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Worms and wazine 17? HELP!

Discussion in 'Emergencies / Diseases / Injuries and Cures' started by HenPecked_bychildren, Oct 29, 2010.

  1. HenPecked_bychildren

    HenPecked_bychildren Chillin' With My Peeps

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    So our feed store has wazine 17, but you aren't supposed to use it in layers? What the heck am I supposed to use???
     
  2. Sjisty

    Sjisty Scribe of Brahmalot

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    I use Eprinex (Ivomec). I use 6 drops to the skin on the back of the neck for my large fowl Brahmas, 3 drops for my babies and Seramas. There is no withdrawal time and it is good for worms, mites, and just about anything else. I have been using it every four months for two years with no ill effects on my chickens.
     
  3. HenPecked_bychildren

    HenPecked_bychildren Chillin' With My Peeps

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    When I google Eprinex (Ivomec) it says pour on. Is that the right stuff?
     
  4. Judy

    Judy Moderator Staff Member

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    Quote:There is more than one form of ivomectrin, the name of the drug, that can be used in chickens, but you need to know the dose for the particular form you buy. None are marketed for chickens, but many on here use them.

    Epinrex is the one I have used. You drop (a needleless syringe is the simplest way) 0.5 cc on the skin, under the feathers, on the back of the neck, for adult large fowl chickens. The dose is different for bantams. This is the only dose I know because it's the only one I have ever used. It's marketed for cattle.

    People do use Wazine in layers; you just aren't supposed to eat the eggs for a while, I don't know how long.

    There are other wormers besides these two. Often, Wazine is used first, in case there is a large infestation, so it won't shock the chicken so badly, as it only treats one kind of worm (roundworm.)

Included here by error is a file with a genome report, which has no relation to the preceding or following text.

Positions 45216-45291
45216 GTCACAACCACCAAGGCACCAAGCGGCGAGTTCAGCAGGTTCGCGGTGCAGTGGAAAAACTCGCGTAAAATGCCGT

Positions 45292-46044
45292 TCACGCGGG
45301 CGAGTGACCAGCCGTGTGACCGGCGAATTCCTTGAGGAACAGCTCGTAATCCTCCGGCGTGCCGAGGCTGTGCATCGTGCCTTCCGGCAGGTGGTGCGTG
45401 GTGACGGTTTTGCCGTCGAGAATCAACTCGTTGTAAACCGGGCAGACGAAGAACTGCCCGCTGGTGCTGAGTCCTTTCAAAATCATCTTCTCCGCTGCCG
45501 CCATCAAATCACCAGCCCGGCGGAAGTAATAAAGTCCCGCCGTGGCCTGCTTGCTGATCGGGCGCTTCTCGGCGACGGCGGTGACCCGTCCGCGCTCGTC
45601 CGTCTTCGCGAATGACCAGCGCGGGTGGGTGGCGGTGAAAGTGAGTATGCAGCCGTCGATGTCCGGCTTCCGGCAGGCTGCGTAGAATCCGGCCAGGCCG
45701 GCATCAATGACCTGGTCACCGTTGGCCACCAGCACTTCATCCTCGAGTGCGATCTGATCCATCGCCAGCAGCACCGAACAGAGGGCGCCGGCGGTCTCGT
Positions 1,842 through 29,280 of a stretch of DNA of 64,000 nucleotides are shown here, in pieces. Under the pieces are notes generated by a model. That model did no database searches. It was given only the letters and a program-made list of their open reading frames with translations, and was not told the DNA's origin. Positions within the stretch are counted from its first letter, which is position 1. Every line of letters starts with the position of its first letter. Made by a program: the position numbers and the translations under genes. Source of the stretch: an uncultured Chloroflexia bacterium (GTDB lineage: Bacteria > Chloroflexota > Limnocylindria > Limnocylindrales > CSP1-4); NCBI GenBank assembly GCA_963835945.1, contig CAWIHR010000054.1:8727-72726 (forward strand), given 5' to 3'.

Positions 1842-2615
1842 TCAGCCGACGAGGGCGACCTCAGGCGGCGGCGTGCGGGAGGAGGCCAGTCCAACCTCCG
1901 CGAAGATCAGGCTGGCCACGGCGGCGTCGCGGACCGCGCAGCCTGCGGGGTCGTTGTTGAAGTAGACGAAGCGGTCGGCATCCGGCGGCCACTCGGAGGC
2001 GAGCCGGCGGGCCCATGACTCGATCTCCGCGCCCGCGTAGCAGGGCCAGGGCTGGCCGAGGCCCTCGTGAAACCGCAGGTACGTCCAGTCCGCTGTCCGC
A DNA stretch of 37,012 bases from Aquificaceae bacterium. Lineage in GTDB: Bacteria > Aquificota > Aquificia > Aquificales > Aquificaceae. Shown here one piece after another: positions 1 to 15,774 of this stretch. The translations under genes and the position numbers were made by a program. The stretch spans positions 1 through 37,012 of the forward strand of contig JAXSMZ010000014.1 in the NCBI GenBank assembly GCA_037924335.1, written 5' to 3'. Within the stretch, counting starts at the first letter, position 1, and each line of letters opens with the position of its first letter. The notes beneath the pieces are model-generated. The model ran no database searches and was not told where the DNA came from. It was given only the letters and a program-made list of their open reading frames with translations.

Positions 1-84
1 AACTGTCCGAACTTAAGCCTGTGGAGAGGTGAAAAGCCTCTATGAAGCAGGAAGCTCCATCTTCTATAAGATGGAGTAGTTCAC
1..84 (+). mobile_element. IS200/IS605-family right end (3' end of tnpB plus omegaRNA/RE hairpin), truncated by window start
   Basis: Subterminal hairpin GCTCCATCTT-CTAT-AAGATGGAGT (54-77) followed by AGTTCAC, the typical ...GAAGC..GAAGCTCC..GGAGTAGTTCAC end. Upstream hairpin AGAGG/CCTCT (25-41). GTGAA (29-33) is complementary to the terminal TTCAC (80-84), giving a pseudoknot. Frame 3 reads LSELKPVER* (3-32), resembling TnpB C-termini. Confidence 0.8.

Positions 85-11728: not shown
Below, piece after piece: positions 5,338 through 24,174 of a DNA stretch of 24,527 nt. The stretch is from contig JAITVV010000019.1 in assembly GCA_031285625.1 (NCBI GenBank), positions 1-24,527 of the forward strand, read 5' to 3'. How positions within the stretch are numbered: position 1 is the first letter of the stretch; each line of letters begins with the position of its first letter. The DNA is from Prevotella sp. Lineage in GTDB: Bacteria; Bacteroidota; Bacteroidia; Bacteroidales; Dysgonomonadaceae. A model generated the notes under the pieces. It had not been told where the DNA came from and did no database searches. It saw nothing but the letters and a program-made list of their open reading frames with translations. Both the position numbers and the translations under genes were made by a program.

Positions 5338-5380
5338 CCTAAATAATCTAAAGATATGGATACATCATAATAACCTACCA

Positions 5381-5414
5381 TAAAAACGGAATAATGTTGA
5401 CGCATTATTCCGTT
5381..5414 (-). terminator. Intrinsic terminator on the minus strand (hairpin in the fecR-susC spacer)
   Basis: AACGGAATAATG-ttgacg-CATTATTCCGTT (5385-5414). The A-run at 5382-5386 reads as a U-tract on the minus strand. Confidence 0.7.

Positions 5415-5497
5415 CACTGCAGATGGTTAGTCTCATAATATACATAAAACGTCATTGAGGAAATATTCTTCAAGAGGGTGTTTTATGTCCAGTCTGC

Worming is something one should really research thoroughly on here before deciding how to go about it. I used to have a link to an excellent worming thread; unfortunately, I lost it in a computer crash.
     
  5. Bird Collector

    Bird Collector Chillin' With My Peeps

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    I went through the worming confussion and settled on doing the following in the fall each year before it turns cold. I use the wazine 17 in their water as stated for 24 hours and then in 10 days use the pour on Ivomec Eprinex. Here is the dosage I got from one of the threads: 5 drops on large birds, 3 drops on regular bantams and 2 on smaller bantams like D'uccles. As stated above put the drops between their shoulders/wings. The withdrawal period for the wazine is 14 days then you can eat the eggs again. There is no noted withdrawal period for the Eprinex and this is conculded from no withdrawal period when used on cows in regards to their milk. The wazine covers round worm and the pour on covers a number of others. If I feel a need in the spring or summer I will put in their food Rooster Booster which has no withdrawal period. If you look up rooster booster you will get their web site. All my babies have done good on this schd so I will stick to what is working. Hope this helps. Have a happy chicken day ;> Now I need to learn how to spell and type.
     
    Last edited: Oct 29, 2010
  6. WhiteMountainsRanch

    WhiteMountainsRanch Chillin' With My Peeps